Almost certainly, but there are still uncertainties surrounding this at present.  Work by consultants nearly a decade ago suggested it would become a serious problem.  Since then there has been considerable shoreline erosion in many parts.  Measured sea level rise from a short time series is approximately 8 mm per year or more, which matches much longer records from the Maldives.  Dynamics of the coral islands is more complex, especially given periodic coral mortality, and this is currently being investigated.  (NOTE from the webmaster.  I am not personally convinced that climate change (beyond normal fluctuations) is occurring.  HOWEVER, what better place than the pristine Chagos to settle the matter through rigorous scientific field work?  This is the true value (to me) of the MPA - as the standard against which all questions can be judged!)

How will the Chagos Protected Area affect the biodiversity or productivity of surrounding areas?

     Chagos is a refuge for many species.  Early evidence is hinting increasingly at a role in seeding, or in being an important stepping-stone for species, suggesting that the Chagos is directly linked to the western Indian Ocean and to Africa’s East Coast.  Chagos also serves as a reference site for many areas where such good condition is a fading memory.

Where does the military base on Diego Garcia atoll fit?
  •      Present government documentation indicates that it may not be included in the Marine Reserve, but this is not clear yet.
  •     Diego Garcia atoll contains about 1% of the reefs in the protected archipelago (and less than 1/10th of 1% of the entire area of the MPA) so its exclusion is not critical to the MPA as a whole, provided the current level of environmental protection continues on and around Diego Garcia.  
  •      Diego Garcia is already well served separately by four Strict Nature Reserves and a Ramsar site occupying over half the atoll, all of which are off limits to people and which are extraordinarily rich in reef and bird life. 
  •      The presence of the military base in Diego Garcia should not be used to justify a decision to NOT protect the Chagos and its incredibly important marine biodiversity.  As a parallel, the presence of the nearby Pearl Harbor military complex does not negate the value of the Northwest Hawaiian Islands protected area.

Isn't the Protected Area just a ruse to prevent resettlement by the former inhabitants?

     No.  The population was removed about 40 years ago - no conservation justification was needed then.  This conservation initiative was declared in April 2010.  If or when people return, the area will be in best possible condition.  The issue of resettlement of the archipelago is a separate legal issue from establishment and maintenance of the MPA.  Should resettlement ever be agreed, it has repeatedly been stated that the provisions of the MPA can be modified as necessary.  In the meanwhile, the area will be maintained in best possible condition for any possible future use. There should be no reason to oppose conservation interventions in Chagos just because other political agendas are not met by this badly needed conservation measure.  Indeed, conservation is greatly welcomed by most!  (Note from the webmaster.  Please see my own comments on the islanders below.)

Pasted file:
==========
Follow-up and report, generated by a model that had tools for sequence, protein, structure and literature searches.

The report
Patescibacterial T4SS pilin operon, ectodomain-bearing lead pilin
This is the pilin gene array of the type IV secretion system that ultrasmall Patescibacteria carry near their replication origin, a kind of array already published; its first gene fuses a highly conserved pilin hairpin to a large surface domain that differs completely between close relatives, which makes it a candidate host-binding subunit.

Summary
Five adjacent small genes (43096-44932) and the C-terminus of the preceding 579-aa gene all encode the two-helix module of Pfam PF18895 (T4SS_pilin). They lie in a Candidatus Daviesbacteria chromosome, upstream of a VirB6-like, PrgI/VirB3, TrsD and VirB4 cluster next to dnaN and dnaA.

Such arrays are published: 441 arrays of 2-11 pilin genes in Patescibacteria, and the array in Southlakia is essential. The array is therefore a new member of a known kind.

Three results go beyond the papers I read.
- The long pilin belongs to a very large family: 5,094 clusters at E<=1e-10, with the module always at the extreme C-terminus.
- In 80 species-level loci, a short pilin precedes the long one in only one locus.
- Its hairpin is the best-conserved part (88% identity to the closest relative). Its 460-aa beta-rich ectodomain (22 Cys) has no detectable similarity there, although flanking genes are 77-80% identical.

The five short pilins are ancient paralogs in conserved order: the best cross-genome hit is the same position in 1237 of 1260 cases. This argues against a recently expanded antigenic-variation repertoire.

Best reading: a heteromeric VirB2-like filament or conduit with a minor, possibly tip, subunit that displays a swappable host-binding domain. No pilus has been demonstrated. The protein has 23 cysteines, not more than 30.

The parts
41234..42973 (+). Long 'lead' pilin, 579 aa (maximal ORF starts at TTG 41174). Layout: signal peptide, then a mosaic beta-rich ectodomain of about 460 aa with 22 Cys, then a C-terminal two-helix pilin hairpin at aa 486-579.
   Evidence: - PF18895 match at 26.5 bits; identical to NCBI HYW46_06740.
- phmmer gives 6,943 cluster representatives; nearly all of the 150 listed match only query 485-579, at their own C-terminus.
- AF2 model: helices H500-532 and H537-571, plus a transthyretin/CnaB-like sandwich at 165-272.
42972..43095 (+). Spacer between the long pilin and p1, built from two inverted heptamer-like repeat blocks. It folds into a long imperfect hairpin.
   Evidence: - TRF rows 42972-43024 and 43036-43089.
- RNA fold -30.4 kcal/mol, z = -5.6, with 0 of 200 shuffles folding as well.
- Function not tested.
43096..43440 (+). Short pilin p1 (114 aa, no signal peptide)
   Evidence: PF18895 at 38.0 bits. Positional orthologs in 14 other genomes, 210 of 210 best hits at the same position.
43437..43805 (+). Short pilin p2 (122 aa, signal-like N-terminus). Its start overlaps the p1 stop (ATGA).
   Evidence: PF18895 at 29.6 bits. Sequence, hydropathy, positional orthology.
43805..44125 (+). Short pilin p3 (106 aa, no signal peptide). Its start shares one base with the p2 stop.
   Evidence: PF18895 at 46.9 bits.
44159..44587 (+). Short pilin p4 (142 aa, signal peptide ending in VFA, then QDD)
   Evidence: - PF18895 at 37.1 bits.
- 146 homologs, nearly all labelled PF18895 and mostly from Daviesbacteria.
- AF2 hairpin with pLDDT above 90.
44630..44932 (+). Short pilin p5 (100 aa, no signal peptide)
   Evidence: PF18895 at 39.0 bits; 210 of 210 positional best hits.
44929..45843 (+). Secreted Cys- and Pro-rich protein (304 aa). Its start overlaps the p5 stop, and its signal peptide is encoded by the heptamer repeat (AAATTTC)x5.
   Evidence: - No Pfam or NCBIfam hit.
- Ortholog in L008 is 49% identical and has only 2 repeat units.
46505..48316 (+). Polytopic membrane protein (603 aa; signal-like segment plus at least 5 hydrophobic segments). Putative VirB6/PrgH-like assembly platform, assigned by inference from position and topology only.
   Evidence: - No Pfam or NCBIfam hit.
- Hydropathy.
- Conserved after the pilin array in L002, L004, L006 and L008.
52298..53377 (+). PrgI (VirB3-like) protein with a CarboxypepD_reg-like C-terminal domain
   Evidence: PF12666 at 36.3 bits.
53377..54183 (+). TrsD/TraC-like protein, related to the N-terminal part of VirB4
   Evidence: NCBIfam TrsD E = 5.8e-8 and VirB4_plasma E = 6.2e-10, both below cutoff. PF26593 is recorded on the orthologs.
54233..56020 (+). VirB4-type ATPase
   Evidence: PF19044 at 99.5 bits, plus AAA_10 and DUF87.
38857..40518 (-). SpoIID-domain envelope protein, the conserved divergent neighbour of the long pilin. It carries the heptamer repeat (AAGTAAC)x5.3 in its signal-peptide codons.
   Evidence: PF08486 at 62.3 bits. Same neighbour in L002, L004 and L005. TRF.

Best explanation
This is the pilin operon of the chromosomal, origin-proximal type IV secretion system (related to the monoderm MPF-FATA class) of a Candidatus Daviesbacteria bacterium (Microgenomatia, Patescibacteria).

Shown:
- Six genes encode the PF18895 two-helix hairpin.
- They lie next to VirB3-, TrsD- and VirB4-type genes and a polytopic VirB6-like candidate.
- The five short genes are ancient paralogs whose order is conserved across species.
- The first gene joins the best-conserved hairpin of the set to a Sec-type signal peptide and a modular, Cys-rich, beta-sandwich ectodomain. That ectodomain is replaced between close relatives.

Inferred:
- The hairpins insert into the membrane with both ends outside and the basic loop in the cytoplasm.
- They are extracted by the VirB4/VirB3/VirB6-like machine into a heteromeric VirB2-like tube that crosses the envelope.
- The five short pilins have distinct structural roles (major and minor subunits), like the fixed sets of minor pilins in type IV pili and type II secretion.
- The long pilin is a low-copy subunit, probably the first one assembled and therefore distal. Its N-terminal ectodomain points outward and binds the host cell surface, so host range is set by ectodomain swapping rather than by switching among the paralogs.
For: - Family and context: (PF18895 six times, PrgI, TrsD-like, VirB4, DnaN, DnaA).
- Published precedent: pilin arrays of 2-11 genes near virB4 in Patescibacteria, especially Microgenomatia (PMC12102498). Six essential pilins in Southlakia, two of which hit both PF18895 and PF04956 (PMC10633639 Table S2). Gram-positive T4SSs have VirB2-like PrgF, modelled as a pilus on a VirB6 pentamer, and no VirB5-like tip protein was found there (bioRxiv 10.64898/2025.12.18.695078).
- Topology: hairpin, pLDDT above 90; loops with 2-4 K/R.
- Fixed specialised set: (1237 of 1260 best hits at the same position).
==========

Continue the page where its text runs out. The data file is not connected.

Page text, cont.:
What infrastructure is there and how many people could return without causing damage, if resettlement did in fact take place?

  • There is no infrastructure on any island other than Diego Garcia.
  • Clearly the potential population on any currently uninhabited island or atoll would depend on how the community would sustain itself.
  • Several proposals have been seen for numerous externally driven and vastly expensive projects, which would not be sustainable from resources within the archipelago itself.

But isn’t it true that conservation with people will be better than conservation without people?

  •        It is abundantly clear that a large uninhabited area will remain less damaged by people than one containing people. 
  •      Of course, if people are already there, ignoring residents certainly leads to failure; almost all inhabited MPAs are only partially or minimally successful.  Chagos has been uninhabited for 40 years.  
  •       People may have political and moral objections to the reasons why such areas are unpopulated, but it is most unwise to suggest that significant conservation activity should not be attempted urgently because they are uninhabited.

What is the economic value of the Chagos?

  •      Using ‘Costanza (1997) values’ the estimated annual values of Chagos fall between $0.5-1.5 billion, a wide range which varied with whether or not elements such as tourism are incorporated. 
  •      A current study has used a meta-analysis of just the coral reef values, and concludes that, even excluding tourism and other values related to economic activity, the Chagos’ reefs could be worth up to £8.5 billion.
  •      Of course many of the values associated with Chagos are intangible and therefore hard to quantify financially, but the current study concludes that they are “potentially matched by economic values on a global scale”.

Are there poaching issues within the MPA?

     Poaching for sea cucumbers and sharks has been marked.  Pressures are likely to rise along with the rising Indian Ocean human population and with the decline in marine resources in other places.

What are the costs of providing patrol and protection for the MPA?

     Protection can be achieved for the same price as currently is spent on fishery patrol, particularly if better surveillance information is made available and this is something that is being explored.  Costs are currently about $5 km2, which is about 10-100 times less than for most coral reef areas with protection measures.  Provisional, working documents are available on request.